Neuroscientist Wendy Suzuki describes different ways that we can turn anxiety into a superpower.

1. Productivity Superpower – also known as the WHAT IF anxiety. This may look like these sort of questions in your head;  “What if he didn’t do that” and “What if that wasn’t done right” and “what if this thing all goes wrong”

To turn this particular anxiety into a superpower she recommends turning these thoughts into actions. Change your WHAT IF list into a TO DO list. Give your worries an action e.g ring someone for clarification, google something, ask for help from someone. Suddenly you’ve changed your anxiety into something productive!

2. Flow Superpower – Flow is that wonderful thing that occurs when you find yourself deeply in the moment and time seems to magically slow down and even disappear. Great things happen in flow. But anxiety is the enemy of flow. Nevertheless, periods of “micro flow” can still be found in times of anxiety. Chances are not noticing these occurrences though. Micro flow happens all the time, even in times of anxiety. Even if it’s a moment of day dreaming – or letting yourself daydream; letting yourself go, just for the moment. It can help, and more so if you can catch yourself doing it and take some time to savour it. 

3. Empathy Superpower – Let’s face it we all have anxiety and we all know what anxiety feels like. We can use this by being aware of the anxieties of others. This is a superpower that is so easy to put in place. Notice the people around you. Look for the signs – those signs that you know so well because you produce them yourself. All you have to do is give a kind word, or lend a hand to the person who is going through their ‘stuff’. 

Maybe anxiety can teach us a lot more about ourselves and the situations that we find ourselves in  than just feeling shitty, or just being worn out. There’s no doubt that it’s not easy. There will be times when it’s ok just to embrace the “down”. But remember, you don’t have to do that. You have a choice. Your anxiety doesn’t control you.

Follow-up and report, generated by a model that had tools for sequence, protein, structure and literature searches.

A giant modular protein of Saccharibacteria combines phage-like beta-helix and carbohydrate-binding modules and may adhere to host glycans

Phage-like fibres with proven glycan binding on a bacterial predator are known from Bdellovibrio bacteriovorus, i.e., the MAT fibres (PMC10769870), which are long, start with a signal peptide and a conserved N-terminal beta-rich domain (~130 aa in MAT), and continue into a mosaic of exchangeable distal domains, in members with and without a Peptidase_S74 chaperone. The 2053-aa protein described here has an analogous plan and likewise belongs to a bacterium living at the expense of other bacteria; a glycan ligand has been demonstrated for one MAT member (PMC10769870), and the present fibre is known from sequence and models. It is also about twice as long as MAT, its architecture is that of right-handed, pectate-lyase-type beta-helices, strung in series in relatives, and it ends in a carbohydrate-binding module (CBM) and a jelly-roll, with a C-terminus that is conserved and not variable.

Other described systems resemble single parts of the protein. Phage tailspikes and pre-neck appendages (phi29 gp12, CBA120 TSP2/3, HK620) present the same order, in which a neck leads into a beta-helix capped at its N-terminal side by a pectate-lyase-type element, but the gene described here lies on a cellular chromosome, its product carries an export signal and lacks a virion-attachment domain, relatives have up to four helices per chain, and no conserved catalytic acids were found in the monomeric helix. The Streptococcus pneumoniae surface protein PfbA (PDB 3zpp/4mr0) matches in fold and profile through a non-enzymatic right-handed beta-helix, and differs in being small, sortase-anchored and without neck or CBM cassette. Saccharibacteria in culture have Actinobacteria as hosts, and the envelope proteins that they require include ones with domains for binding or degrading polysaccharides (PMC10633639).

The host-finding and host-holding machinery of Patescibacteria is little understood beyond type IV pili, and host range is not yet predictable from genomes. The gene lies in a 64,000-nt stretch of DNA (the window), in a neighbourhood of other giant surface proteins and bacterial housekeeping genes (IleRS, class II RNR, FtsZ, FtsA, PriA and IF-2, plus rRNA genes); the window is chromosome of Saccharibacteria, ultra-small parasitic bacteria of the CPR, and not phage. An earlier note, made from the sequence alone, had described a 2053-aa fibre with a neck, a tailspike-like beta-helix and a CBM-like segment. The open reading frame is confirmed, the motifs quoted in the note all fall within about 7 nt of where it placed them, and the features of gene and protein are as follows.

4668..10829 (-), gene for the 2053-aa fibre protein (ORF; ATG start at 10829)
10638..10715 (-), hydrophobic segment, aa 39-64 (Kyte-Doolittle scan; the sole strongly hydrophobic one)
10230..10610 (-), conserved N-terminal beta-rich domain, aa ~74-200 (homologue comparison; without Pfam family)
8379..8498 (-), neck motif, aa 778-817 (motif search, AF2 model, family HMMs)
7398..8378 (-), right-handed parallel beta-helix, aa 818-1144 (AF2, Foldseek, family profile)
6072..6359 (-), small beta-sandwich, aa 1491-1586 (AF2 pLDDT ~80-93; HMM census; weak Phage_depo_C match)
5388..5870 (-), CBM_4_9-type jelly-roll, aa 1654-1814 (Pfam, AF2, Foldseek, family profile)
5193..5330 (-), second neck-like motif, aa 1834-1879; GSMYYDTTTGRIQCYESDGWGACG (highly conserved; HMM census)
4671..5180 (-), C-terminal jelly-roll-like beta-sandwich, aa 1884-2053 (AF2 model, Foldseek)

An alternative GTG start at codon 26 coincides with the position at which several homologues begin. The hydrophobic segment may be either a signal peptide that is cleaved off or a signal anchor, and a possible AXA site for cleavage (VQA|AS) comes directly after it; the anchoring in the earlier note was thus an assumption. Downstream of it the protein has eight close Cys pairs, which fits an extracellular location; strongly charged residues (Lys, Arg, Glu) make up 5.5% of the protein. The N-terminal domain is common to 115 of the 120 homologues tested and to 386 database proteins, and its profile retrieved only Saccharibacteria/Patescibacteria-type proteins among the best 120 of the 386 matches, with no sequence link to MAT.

Instead you control your anxiety.


Photo by Letizia Bordoni 

With Uncertainty There Are Always Choices

Over the last few weeks, there’s been a lot of talk about the changes coming our way in the Education sector in New Zealand as a result of the change of Government.

They say that change is the only constant. And whoever “they” is, they might just be right. Change is a major player in our lives, both at a personal level and professional one.

With change comes uncertainty and often with uncertainty comes feelings of anxiousness and anxiety.

It can seem at times that along with this uncertainty that your choices in life begin to become limited. There are times as a leader that this seemed very much the case and this in turn added to the feeling of anxiety.

In reality though, even in times of uncertainty you still have many options available to you. You are never in a situation where you don’t have any choices to make.

One of my favorite poems is Robert Frost’s 1915 epic “A Road Not Taken”. In it he suggests that life is a journey full of decisions, and that sometimes it’s the most obscure ones that we make that make the biggest difference, even when they seem the most unlikely. 

I like this. I like this a lot. In terms of leadership it’s a beacon for us. It’s a leading light and reminds us that there is always a choice, and that the right choice might not always be the thing that you initially thought was going to be the right choice.

And, if we think about it even more, we have choices everywhere. In times of uncertainty these choices are still there:

We have choices such as:

Do we choose to be indifferent or do we choose to stand up

Do we choose to love or do we choose to hate

Do we choose to make a difference or do we choose to sit on our hands

Do we choose to we proactive or do we choose to be reactive

Do we choose to be positive or do we choose to be negative

Do we choose to move forward with goodwill or choose to hold onto a grudge 

Do we choose to trust or do we choose to be skeptical

Do we choose to have milk in our coffee or to keep it just black

Uncertainty and change doesn’t äutomatically mean that our choices have been eliminated, it just means that life is going on. And it will go on, whether we like it or not. And that too, is a choice.

And as Socrates once famously said; “The Secret of change is to focus all of your energy, not on fighting the old, but on building the new”.

The Road Not Taken

Robert Frost

Two roads diverged in a yellow wood,
And sorry I could not travel both
And be one traveler, long I stood
And looked down one as far as I could
To where it bent in the undergrowth;